Claude Barnes

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Claude W Barnes Jr.
Born 1952[?]
Nationality American

Claude Barnes (born 1952[?]) was an American civil rights leader for 40 years and a former professor, who was convicted in 2010 of embezzling the estate of his deceased neighbor.[1]


As a teenager, Barnes attended Dudley High School, an all black school in Greensboro, North Carolina. Barnes was an advocate of Black Power, who was active in two black-separatist movements called the "Greensboro Association of Poor People" and "Students Organized for Black Unity".[2][3] In Spring 1969, Barnes was 17 and the junior class president.[2] Teachers of both races perceived Barnes to be the puppet of Nelson Johnson, who was a university student and the leader of Greensboro Association of Poor People.[2][4]

The school held student government elections on 2 May 1969, and about 600 students wrote Barnes' name on the ballot for student present.[2] The election committee decided that these votes were invalid, and declared Connie Herbin who received 200 votes as the winner.[2][5] This led to protests by students both from the school and nearby North Carolina Agricultural and Technical State University; on 21 May 1969 a man was killed during shooting between students and the police; the National Guard was called in, and early the next day the mayor declared a state of emergency in Greensboro.[2] Disturbances continued until 24 May.[2] These events are known as the Greensboro Rebellion.[1]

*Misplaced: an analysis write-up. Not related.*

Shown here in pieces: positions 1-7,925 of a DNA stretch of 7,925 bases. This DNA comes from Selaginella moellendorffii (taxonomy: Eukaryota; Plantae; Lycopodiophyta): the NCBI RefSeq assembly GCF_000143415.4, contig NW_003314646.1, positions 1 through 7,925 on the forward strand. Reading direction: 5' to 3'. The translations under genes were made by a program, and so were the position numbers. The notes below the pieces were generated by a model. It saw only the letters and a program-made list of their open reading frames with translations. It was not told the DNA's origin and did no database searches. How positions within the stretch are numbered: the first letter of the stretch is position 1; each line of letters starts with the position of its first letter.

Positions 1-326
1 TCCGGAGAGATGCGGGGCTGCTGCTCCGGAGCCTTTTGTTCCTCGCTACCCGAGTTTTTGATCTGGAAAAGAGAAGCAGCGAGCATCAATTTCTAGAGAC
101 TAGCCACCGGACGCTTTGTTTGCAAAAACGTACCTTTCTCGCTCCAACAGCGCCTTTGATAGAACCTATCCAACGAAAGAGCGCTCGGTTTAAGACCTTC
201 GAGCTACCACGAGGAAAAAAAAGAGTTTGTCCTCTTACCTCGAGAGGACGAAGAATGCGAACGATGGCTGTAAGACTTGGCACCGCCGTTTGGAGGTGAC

University student[edit]

Barnes studied political science at North Carolina Agricultural and Technical State University, in Greensboro, graduating with a BA in 1979. He then studied political science at Clark Atlanta University in Atlanta, Georgia, from which he received an MA in 1982 for his thesis "A Consideration of the Relationship between Ideology and Activism in the Black Nationalist Movement: A Case Study of the Rise and Fall of the Greensboro Association of Poor People". Clark Atlanta University awarded him a PhD in 1991 for his dissertation: "Political Power and Economic Dependence: An Analysis of Atlanta's Black Urban Regime".[6][7]

University lecturer[edit]

Barnes held a series of jobs as a lecturer in political science at: North Carolina A&T State University (1982-82), Georgia Institute of Technology (1983–84), and Gainesville College (1984–88).[7] He was visiting professor in political science at Georgia State University (1988–89).[7] He then completed his PhD at Clark Atlanta University. Barnes was assistant professor in political science at South Carolina State University (1992–93).[7]

Barnes was appointed assistant professor of political science at North Carolina A&T State University in 1993, becoming an associate professor in 1998.[7] He served as chairman of the department of political science from 2000 to 2002,[8] and Associate Dean for Research, Operations and Assessment for the College of Arts and Sciences from 2002 to 2004.[7] Barnes also served as Associate Professor of Political Science and Director of the GIS-CATI Laboratory (Geographic Information Systems and Computer Assisted Telephone Interviewing Laboratory) from 1998 to 2009.[7] He specialised in: "urban transportation, public policy, research methodology and the impact of racial discrimination on public policy".[8] Barnes was a well-liked professor who was an inspiration to students.[5] Barnes retired from the university on 28 February 2009.[6]